• The NIEHS Program Coordinator will coordinate overall program evaluations to show the impact of the training on improving work practices, reducing work related injury and illness and to document the increased understanding of relevant environmental health sciences by workers involved in environmental cleanups, hazardous waste management and emergency response to chemical releases. While each awardee must have its own evaluation program, the NIEHS Program Coordinator will strive to assess the overall effectiveness of the training programs supported under the cooperative agreements in terms of the nation's needs and in relation to the target populations identified by Congress in SARA Section 126 and related statutes which are referenced above.

  • NIEHS maintains a National Clearinghouse for Worker Safety and Health Training for Hazardous Materials, Waste Operations and Emergency Response to assist awardees by providing information and technical support services to the PD/PIs of NIEHS funded hazardous materials, waste operations, and emergency response worker training programs. The Clearinghouse will also function as a national resource for the dissemination to the general public of program related information and curricular materials that have been developed by the awardees.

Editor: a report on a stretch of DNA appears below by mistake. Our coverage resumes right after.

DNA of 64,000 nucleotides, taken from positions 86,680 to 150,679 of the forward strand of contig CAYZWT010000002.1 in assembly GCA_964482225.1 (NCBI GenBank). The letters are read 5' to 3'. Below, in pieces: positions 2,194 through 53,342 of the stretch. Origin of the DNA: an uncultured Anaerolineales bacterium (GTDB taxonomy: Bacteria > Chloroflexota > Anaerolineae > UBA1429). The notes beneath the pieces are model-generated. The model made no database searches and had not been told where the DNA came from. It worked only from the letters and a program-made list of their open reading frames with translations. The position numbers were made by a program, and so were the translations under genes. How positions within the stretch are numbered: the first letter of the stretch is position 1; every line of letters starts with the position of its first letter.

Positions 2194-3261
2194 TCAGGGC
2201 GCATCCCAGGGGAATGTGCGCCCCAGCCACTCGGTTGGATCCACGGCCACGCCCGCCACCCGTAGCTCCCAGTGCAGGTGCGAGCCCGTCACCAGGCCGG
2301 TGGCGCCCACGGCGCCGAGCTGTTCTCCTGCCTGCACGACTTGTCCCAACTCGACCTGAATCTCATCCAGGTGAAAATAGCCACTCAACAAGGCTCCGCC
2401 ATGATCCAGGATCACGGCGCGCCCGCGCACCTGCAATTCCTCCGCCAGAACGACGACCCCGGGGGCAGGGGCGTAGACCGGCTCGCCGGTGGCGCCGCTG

• An NIEHS Program Coordinator will be responsible for normal program stewardship of the award. The NIEHS Program Official may also serve as the NIEHS Program Coordinator.

Areas of Joint Responsibility include:

None.

Dispute Resolution:

Any disagreements that may arise in scientific or programmatic matters (within the scope of the award) between award recipients and the NIH may be brought to Dispute Resolution. A Dispute Resolution Panel composed of three members will be convened. It will have three members: a designee of the Steering Committee chosen without NIH staff voting, one NIH designee, and a third designee with expertise in the relevant area who is chosen by the other two; in the case of individual disagreement, the first member may be chosen by the individual awardee. This special dispute resolution procedure does not alter the awardee's right to appeal an adverse action that is otherwise appealable in accordance with PHS regulation 42 CFR Part 50, Subpart D and DHHS regulation 45 CFR Part 16.

3. Reporting

When multiple years are involved, awardees will be required to submit the annual Non-Competing Progress Report (PHS 2590 or RPPR) and financial statements as required in the NIH Grants Policy Statement.